Crypto-currency: US Justice Department launches new initiatives

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Crypto-currency: US Justice Department launches new initiatives
Crypto-currency: US Justice Department launches new initiatives

Crypto-currency exchanges want to be the banks of the future, well we need to make sure that folks can have confidence when they’re using these systems and we need to be poised to root out abuse

Aimed at targeting crypto-currency and government contractors who fail to report cyber-breaches, United States Deputy Attorney General Lisa Monaco on Wednesday unveiled two new Justice Department enforcement initiatives.

During a virtual speech at the Aspen Cyber Summit on Wednesday, Monaco announced the launch of the National Crypto-currency Enforcement Team, whose goal will be to “strengthen” the Justice Department’s ability to disable financial markets that allow cyber-criminals to “flourish”.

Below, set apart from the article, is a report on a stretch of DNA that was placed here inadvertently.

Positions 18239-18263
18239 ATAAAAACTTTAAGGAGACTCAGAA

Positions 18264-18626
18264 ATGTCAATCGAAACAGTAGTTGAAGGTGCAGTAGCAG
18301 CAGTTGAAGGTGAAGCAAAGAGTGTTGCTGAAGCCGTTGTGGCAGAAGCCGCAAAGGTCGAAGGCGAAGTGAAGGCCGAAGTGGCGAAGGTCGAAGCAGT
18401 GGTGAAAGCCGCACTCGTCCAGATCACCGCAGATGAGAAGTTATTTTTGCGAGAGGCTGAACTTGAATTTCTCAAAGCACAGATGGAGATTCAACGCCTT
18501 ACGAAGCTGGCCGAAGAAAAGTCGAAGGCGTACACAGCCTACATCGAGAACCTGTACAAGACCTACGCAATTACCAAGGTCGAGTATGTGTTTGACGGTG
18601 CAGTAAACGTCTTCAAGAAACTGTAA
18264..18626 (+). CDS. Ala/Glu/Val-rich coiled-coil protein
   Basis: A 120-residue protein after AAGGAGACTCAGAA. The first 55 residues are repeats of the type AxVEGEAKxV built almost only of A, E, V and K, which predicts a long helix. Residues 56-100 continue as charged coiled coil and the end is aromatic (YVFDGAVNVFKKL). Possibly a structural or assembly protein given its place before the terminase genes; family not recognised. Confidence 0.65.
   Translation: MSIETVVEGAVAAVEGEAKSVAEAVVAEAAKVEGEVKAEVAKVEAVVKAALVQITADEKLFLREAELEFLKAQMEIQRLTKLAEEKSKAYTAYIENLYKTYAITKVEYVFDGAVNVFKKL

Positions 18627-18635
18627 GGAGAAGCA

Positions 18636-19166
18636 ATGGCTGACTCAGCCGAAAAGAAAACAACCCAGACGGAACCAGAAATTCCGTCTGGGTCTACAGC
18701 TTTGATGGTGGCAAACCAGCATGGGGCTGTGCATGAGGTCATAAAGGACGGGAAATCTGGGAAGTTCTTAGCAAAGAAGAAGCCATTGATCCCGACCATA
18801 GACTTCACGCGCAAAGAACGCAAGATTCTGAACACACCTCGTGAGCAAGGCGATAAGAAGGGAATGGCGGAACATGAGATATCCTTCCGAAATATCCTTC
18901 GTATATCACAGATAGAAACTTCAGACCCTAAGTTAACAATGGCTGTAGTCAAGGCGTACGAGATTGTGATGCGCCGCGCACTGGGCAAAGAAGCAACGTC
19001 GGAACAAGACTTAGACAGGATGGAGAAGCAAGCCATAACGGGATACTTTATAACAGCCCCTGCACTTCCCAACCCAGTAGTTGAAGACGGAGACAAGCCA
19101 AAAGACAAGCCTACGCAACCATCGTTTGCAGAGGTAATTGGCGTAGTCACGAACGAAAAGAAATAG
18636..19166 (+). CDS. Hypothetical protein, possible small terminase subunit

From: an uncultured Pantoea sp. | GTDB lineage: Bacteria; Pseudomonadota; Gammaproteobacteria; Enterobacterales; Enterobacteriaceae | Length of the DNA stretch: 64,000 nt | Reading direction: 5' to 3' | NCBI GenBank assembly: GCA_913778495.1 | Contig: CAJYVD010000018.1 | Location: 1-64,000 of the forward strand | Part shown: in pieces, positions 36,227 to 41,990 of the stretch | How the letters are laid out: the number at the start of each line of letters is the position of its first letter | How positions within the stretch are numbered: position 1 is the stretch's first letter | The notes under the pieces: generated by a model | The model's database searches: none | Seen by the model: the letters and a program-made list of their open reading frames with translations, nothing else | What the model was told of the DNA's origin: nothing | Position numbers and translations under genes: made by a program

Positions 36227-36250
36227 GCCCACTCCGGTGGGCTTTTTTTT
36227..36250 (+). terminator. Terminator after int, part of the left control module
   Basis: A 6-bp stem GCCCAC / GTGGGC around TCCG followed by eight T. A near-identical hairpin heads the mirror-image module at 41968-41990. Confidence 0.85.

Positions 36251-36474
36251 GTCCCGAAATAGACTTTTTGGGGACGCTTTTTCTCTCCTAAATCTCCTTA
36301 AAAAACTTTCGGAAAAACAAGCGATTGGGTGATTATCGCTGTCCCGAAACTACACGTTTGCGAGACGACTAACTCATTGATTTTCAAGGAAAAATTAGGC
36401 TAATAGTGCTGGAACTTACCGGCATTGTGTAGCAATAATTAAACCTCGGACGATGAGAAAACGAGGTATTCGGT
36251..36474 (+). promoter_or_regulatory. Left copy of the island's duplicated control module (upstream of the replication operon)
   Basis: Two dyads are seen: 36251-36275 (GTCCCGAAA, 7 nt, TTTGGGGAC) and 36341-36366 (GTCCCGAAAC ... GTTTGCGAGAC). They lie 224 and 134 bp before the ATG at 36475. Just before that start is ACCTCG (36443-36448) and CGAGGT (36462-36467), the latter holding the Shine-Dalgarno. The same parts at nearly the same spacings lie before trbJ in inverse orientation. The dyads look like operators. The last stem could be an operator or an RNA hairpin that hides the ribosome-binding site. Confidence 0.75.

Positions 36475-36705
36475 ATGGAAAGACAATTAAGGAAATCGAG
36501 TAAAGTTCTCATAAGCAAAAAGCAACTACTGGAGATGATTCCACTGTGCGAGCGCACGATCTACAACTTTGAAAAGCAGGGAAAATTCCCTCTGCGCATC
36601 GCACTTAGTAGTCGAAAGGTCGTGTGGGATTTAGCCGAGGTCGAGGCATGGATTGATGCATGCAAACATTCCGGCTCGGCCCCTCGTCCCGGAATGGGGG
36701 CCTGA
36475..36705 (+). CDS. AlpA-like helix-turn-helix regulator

The group will include a mix of anti-money laundering and cyber-security experts.

“Crypto-currency exchanges want to be the banks of the future, well we need to make sure that folks can have confidence when they’re using these systems and we need to be poised to root out abuse”, Monaco said. “The point is to protect consumers”.

Cyber-criminals that attack U.S. companies with ransom-ware, a type of malware that encrypts systems and demands payment, are typically paid in crypto-currency. The hackers often use a mix of different crypto-currency services to accept and transfer these payments, helping hide them from law enforcement.

Monaco also announced the creation of a civil cyber fraud initiative, which will “use civil enforcement tools to pursue companies, those who are government contractors, who receive federal funds, when they fail to follow recommended cyber-security standards”.

“For too long, companies have chosen silence under the mistaken belief that it’s less risky to hide a breach than to bring it forward and report it. That changes today,” Monaco said.

The announcements come after several high profile cyber-attacks earlier this year against U.S. companies and government agencies.

Cyber-criminals attacked a major U.S. pipeline operator, causing localized gas shortages along the U.S. East Coast in May. The incident led to new cyber-security rules for pipeline owners in July.

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